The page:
Currently I’m working a very direct young dog.  Getting him to turn his gaze from the sheep to flow by them on a flank is like getting a toddler to walk past a plate of Oreo cookies.  Every time we come out to train it seems he has forgotten that “away” and “come by” mean turn your head and release the sheep then flow along them.  Once he begins his flanks properly the shape and speed are quite good, though he is prone to turning in early.  He’s a talented young dog, biddable and determined.  I am so very tempted to go forward and spend time on more advanced exercises.  But if I allow him to learn that my flank commands mean anything less than to break his gaze and turn to flow along the sheep then his weakness will become a long term liability.  If I persist and teach him that those commands have a clear and distinct meaning then we will have the tools to succeed.  Because he is not naturally inclined to break his direct mode, he has needed quite a bit of work on those flanks, often boring or frustrating.  I’m not expecting any miracle breakthroughs.  This will take work, and will take maintenance.  His flanking exercises began when balancing the sheep to me, then on the fetch when he is working further off, and again for inside flanks.  The correct flank has needed to be taught in each scenario separately, particularly inside flanks.  Certainly I’m enjoying some more advanced work, lengthening his outrun, the occasional split, allowing him to drive for longer stretches.  In all of these I’m careful to make sure any flanks are correct.  For if I accept “good enough” because I’m “impatient enough” then I’ve taught him that “Come by” means move to the left and march on.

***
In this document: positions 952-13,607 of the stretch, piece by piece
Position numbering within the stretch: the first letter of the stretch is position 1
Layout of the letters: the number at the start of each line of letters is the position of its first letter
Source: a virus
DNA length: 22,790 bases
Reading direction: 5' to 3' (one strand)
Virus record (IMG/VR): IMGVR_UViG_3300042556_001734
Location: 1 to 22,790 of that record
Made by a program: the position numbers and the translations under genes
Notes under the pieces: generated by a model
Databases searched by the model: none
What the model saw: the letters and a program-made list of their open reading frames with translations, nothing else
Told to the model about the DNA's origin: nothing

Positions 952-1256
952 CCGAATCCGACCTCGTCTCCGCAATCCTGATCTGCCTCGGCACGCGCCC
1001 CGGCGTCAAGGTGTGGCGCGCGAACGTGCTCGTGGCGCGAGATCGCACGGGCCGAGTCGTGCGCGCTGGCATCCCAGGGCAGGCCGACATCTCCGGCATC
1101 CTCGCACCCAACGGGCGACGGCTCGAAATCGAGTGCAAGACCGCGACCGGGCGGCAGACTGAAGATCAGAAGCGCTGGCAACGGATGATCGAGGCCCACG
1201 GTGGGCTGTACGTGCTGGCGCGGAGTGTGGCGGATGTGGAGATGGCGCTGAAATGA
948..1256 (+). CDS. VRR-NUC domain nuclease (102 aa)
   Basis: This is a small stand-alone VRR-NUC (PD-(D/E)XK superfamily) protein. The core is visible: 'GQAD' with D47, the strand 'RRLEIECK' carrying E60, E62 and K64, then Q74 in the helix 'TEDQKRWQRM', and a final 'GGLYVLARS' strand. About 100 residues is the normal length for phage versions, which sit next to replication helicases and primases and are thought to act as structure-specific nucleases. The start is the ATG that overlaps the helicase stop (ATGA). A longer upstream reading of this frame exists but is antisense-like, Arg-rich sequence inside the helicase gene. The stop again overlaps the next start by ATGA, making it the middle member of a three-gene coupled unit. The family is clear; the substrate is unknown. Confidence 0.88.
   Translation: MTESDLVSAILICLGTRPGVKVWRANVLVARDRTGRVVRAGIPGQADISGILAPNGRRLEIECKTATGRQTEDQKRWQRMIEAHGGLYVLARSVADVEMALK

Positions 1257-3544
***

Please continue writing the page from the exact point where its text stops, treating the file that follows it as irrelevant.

Pay attention to "good enough", your decisions on what less than ideal work you accept, and where you intervene.

Monday, March 7, 2016


Life is made more of bits
than great shares of splendor.
The soft caress of dawn
A joke, smiles, and laughter

Some bits we craft ourselves
Alchemy of delight
Others are strewn as gifts
Mere moments shine bright